Defne, Z., Ganju, N.K., Jones, D.K., 2017, Exposure potential of salt marsh units in Edwin B. Forsythe National Wildlife Refuge to environmental health stressors: U.S. Geological Survey data release . Online at 10.5066/F7765CH1
Defne, Z., Spitz, F.J., DePaul, V., and Wool, T.A., 2017, Toward a Comprehensive Water-Quality Modeling of Barnegat Bay: Development of ROMS to WASP Coupler: Journal of Coastal Research , no. 78 , pp. 34-45 . Online at 10.2112/SI78-004.1
The Regional Ocean Modeling System (ROMS) has been coupled with the Water Quality Analysis Simulation Program (WASP) to be used in a comprehensive analysis of water quality in Barnegat Bay, New Jersey. The coupler can spatially aggregate hydrodynamic information in ROMS cells into larger WASP segments. It can also be used to resample ROMS output at a finer temporal scale to meet WASP time-stepping requirements. The coupler aggregates flow components, temperature, and salinity in ROMS output for input to WASP via a hydrodynamic linkage file. The coupler was tested initially with idealized cases designed to verify the water mass balance and conservation of constituent mass using one-to-one and one-to-many connectivity options between segments. A realistic example from the Toms River embayment, a subdomain of Barnegat Bay, was used to demonstrate the functionality of the coupling. A WASP eutrophication model accounting for dissolved oxygen (DO), nitrogen, and constant phytoplankton concentrations was applied to explore the distribution and trends in DO and nitrogen in the embayment for the period of July�August 2012. Results of DO modeling indicate satisfactory agreement with measurements collected at in-bay stations and also indicate that this coupled approach, despite substantial differences in spatiotemporal discretization between the models, provides adequate predictive capabilities.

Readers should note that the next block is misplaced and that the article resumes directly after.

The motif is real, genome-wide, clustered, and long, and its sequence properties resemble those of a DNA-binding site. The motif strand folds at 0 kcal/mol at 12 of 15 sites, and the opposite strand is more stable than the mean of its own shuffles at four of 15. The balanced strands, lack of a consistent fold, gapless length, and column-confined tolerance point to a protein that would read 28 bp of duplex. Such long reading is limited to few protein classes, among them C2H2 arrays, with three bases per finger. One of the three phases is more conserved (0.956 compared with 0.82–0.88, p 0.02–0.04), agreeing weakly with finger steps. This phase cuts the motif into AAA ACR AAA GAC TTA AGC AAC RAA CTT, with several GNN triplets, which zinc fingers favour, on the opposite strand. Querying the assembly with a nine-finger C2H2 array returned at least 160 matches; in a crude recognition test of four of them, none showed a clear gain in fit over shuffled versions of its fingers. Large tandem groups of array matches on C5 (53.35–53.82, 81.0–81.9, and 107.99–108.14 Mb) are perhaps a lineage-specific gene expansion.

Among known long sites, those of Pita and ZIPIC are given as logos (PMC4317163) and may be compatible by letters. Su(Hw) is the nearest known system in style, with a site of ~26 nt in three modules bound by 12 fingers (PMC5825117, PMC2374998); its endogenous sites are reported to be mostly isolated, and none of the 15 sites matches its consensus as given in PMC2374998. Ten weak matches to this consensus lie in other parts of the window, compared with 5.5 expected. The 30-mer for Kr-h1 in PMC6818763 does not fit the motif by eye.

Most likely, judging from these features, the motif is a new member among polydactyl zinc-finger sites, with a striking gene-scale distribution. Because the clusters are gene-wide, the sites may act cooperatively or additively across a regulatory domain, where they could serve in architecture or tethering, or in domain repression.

Denny, J., Schwab, W., Ackerman, S., Baldwin, W., Danforth, W., Moore, E., Nichols, A., Worley, C., 2017, Seismic reflection and sample data collected offshore of Fire Island, New York in 2014, U.S. Geological Field Activity 2014-009-FA: U.S. Geological Survey data release . Online at 10.5066/F7FF3QTQ
Ganju, N.K., Defne, Z, 2017, Spatially integrative metric reveal hidden vulnerability of salt marshes: Nature Communications . Online at 10.1038/ncomms14156
Haas, K., Defne, Z., Yang, X., and Bruder, B., 2017, Hydrokinetic Tidal Energy Resource Assessments Using Numerical Models: . Online at 10.1007/978-3-319-53536-4_4
Himmelstoss, E.A., Kratzmann, M.G., and Thieler, E.R., 2017, National Assessment of Shoreline Change: Summary Statistics and Updated Vector Shorelines and Associated Shoreline Change Data for the Gulf of Mexico and Southeast Atlantic Coasts.: U.S. Geological Survey Open-File Report 2017-1015 . Online at 10.3133/ofr20171015